But for some time now, I have noticed that openness and listening are more present than ever and the commitment of many, women and men, who are concerned about these fundamental issues and who act to implement solidarity practices and structure strategies that promote gender equality and the economic autonomy of girls and women here and elsewhere.
In my part of the world, in French Ontario, despite the lack of resources, we are organizing. We are working on all fronts and we are condemned to solidarity if we want to change the situation. We are increasing the spaces for training in SSE with a gender perspective and the number of participants continues to grow with each meeting. We will collaborate with our English-speaking sisters, within WOSEN, to benefit from additional resources, which has allowed us, among other things, in collaboration with a dozen French-speaking organizations, to offer a new SSE training program in French with a gender perspective.
Surely, the trajectory that I have had the privilege of living within Quartier du Monde and the Femmes du Monde network, as a reference in SSE with a gender perspective, has allowed me to strengthen my own skills and to propose these resources, carefully co-constructed by some sixty women from several countries, in our French-ontane collectives.

What advantages do you see in local organizations belonging to global networks?
We all want to change the system, change the situation, propose an economy with a human face, create decent jobs, promote the autonomy of women and all those marginalized by the systems… well, I have learned through my small and large experiences of solidarity that together we go further and we are stronger. I believe and have always believed in this networking and in the importance of weaving links between all practices, concepts and this economy that is a real alternative to the dominant economy.
Also, I live in a minority community, and that said, living in French is a daily struggle. We won our schools, we won our hospital, we won our university and our colleagues because we walked together, because we took the government to court, because we stood together. In the business arena, I have always believed that there too we could unite to create collective wealth, more decent jobs, revitalize our towns, etc.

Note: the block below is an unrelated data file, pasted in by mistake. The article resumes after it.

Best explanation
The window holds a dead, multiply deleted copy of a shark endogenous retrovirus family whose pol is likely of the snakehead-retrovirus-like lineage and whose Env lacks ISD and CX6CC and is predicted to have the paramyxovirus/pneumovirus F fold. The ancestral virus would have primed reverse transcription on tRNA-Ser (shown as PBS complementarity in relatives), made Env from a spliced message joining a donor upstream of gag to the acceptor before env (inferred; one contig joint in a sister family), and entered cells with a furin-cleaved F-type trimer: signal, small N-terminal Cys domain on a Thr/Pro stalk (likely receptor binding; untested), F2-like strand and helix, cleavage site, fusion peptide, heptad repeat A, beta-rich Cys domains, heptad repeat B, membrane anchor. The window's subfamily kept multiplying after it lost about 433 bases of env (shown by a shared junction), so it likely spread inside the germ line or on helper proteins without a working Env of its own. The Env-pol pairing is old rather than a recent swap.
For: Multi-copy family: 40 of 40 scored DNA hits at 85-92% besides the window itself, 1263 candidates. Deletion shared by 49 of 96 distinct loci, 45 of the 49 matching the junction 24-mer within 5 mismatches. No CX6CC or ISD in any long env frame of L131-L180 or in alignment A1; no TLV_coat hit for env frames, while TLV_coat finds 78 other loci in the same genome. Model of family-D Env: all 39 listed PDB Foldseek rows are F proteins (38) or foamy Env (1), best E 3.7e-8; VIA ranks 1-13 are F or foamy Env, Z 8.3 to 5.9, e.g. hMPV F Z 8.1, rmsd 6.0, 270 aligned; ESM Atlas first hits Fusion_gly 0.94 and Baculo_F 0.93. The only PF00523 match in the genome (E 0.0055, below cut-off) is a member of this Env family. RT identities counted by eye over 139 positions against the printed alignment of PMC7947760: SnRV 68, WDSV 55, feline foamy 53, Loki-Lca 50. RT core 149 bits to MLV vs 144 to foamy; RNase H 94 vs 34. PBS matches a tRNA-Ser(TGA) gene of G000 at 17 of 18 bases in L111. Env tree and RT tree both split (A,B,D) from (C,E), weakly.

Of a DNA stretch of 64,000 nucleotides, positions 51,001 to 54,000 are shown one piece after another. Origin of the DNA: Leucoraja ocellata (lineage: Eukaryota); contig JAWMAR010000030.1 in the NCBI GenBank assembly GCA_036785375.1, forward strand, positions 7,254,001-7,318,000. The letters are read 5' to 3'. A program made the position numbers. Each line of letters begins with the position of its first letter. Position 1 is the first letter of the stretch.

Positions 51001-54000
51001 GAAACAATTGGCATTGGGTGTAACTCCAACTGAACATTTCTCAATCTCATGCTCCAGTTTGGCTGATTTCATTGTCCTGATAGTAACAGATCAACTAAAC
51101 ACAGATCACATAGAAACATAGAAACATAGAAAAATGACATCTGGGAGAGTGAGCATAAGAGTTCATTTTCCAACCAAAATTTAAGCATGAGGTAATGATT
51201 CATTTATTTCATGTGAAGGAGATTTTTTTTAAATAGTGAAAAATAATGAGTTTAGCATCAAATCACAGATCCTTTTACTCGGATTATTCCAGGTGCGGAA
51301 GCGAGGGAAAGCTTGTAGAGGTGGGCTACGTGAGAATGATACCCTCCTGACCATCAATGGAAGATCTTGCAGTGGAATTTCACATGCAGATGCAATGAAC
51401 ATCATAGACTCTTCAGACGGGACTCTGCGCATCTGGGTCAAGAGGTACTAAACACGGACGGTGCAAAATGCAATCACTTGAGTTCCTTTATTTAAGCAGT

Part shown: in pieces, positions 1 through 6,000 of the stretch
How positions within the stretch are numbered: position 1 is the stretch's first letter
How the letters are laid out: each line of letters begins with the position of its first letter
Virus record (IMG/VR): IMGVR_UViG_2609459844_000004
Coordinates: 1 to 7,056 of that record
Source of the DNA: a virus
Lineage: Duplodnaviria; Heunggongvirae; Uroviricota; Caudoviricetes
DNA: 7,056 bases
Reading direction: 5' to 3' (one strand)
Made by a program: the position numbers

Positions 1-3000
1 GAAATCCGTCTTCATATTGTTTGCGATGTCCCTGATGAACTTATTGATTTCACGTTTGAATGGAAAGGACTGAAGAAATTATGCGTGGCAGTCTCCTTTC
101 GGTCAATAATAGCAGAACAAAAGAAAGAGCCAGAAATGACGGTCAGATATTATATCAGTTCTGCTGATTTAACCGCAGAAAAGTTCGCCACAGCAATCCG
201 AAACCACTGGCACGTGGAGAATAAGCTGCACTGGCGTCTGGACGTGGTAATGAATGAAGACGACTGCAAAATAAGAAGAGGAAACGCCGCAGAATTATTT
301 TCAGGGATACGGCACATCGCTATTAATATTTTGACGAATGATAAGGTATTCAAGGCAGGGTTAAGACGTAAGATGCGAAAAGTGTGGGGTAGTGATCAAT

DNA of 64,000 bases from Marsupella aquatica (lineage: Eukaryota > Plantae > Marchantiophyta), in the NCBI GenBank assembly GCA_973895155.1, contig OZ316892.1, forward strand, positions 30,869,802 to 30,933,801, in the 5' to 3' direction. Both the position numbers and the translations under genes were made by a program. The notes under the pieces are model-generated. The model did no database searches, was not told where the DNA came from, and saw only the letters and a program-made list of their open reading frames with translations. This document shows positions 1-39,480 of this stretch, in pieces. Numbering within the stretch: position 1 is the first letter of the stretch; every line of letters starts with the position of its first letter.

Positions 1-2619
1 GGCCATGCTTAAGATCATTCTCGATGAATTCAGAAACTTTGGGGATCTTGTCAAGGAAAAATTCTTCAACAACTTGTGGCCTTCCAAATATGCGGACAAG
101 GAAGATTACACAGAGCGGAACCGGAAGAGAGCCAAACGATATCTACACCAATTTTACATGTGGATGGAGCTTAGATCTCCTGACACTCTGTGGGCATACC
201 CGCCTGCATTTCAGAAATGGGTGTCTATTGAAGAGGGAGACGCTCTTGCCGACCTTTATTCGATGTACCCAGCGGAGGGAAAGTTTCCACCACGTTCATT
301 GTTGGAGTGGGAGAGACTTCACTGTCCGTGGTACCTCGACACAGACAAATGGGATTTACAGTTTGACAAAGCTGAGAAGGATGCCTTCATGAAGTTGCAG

How do you perceive the impact of Covid-19 in the women’s situation?
Already in a context of globalization and several economic and social crises, women were particularly affected. In times of pandemic, this great human crisis is even more difficult for women of all ages.

As we know, women are in the majority in associations, cooperatives and social economy enterprises. They work hard at it and many of these structures have had to close their doors, which has a direct impact on the income and quality of life of women and families. Basic services have been disrupted. Domestic violence has increased on all continents and also in our country.

Many women already had double or triple jobs. Even today, there is still no recognition of reproductive work in society and in our SSE movement. In times of pandemic, women are always on the front line, now with 4 or 5 times more family chores, work, with children at home full time for several months, etc.

More than ever cooperation is important in these difficult times and SSE has the potential to offer a people and planet centered recovery with its models of collective organizations and responsible production of goods and services.